After sidelining the issue early last year, the town of Signal Mountain will finally begin considering proposals for the takeover of its water department.
The town council approved a motion to draft a request for proposal during its regular meeting May 8. An RFP is legally required to solicit business propositions.
The matter was put on hold last year per the request of Town Manager Boyd Veal, who said he wanted to give the decision the attention it deserved.
"I don't want this to be something that's just in the mix," he explained during last week's meeting. "We need to make sure we have time and ability to pay close attention to it."
The issue was thrust into the spotlight after Tennessee American Water Company offered to buy the town's water system in late 2015 — right before circumstances forced the council to turn its attention to scenarios for the Mountain Arts Community Center, along with other pressing issues. Now, with initial repairs for the MACC approved and 2017-2018 fiscal budget discussions wrapping up soon, the council can dedicate more time to reviewing its options.
After the RFP is issued, outside agencies will be invited to submit proposals to operate or acquire the water system. If another utility service took over operations, the town would still have ownership and managerial oversight of the department. If another utility service acquired the system, the town would cease to oversee it and the new proprietor would have sole ownership and full control over matters like rates and asset use.
Contenders for the system could also submit other various types of proposals, such as a merger, so long as they meet the needs of the town, officials said.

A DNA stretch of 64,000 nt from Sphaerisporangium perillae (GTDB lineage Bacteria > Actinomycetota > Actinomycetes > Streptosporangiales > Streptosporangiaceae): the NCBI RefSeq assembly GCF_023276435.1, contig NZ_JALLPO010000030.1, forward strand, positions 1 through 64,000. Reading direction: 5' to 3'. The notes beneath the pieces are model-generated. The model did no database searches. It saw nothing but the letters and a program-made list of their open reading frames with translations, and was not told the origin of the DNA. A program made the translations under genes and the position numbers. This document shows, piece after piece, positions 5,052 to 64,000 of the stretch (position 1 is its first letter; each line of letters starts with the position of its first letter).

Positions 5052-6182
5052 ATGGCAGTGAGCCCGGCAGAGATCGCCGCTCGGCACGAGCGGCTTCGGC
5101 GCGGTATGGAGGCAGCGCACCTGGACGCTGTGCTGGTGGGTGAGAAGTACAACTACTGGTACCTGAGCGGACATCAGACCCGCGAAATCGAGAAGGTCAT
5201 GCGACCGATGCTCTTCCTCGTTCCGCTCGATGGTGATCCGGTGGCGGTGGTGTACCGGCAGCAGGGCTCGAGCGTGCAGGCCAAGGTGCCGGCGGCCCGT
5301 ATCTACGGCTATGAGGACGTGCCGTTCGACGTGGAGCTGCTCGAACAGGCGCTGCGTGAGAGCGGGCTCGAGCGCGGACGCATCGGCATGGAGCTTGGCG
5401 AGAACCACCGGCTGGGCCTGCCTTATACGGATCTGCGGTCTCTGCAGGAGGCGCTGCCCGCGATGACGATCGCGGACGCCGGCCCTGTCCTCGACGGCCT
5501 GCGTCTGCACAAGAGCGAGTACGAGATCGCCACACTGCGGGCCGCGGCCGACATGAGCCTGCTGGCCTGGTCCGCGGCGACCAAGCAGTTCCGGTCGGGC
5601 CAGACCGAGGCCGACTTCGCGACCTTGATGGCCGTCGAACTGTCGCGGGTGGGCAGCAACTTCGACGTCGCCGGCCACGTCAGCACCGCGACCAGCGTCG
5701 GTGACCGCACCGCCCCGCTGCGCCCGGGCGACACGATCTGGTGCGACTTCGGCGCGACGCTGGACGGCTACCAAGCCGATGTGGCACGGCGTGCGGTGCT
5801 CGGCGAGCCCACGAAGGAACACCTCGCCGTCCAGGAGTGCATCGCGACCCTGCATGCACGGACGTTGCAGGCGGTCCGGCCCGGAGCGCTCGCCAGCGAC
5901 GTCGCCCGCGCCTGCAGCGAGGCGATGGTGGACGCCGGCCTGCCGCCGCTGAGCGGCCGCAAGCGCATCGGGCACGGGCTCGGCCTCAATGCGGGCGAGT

So far, the town has heard preliminary, unofficial offers from two utility companies: Tennessee American and Walden's Ridge Utility District.
In 2015, representatives from Tennessee American said they would be open to buying or taking over the water system, turning the town's water supplier of 20 years into its provider. They said the company would work to keep the town's current water staff employed and use its expertise to make cost-effective infrastructure improvements.
Early this year, WRUD also expressed an interest in taking over operation of the water system. WRUD officials pointed to the company's new $1 million storage tank, whose in-house costs were reduced to $150,000 through federal aid, as an example of WRUD's progressive thinking and ability to work with the government to lower improvement costs.
The town also has the option to retain the water system and continue operating the utility itself, but Veal said that decision would come with significant changes, like an increase in rates.
Though operational costs for the water system have exceeded its generated revenue, Veal said town officials have held rates down because they were not investing in the system. If the town retained the utility and began investing in it again, officials would need to look at raising those rates to make up the deficiency, said Veal.
Either way, the council needs to begin looking to the future, said Vice Mayor Dick Gee. With the water system's manager approaching retirement and the possibility of expansion on the horizon, Gee said the council has an opportunity to examine the capabilities of the water department and what improvements could be made as changes occur.
"It seems like a reasonable time to look at options rather than just go merrily along down the same road," Gee said.
Public meetings are expected to be held before any decisions are made. Veal said it will take about two months to issue the RFP and officially begin considering proposals.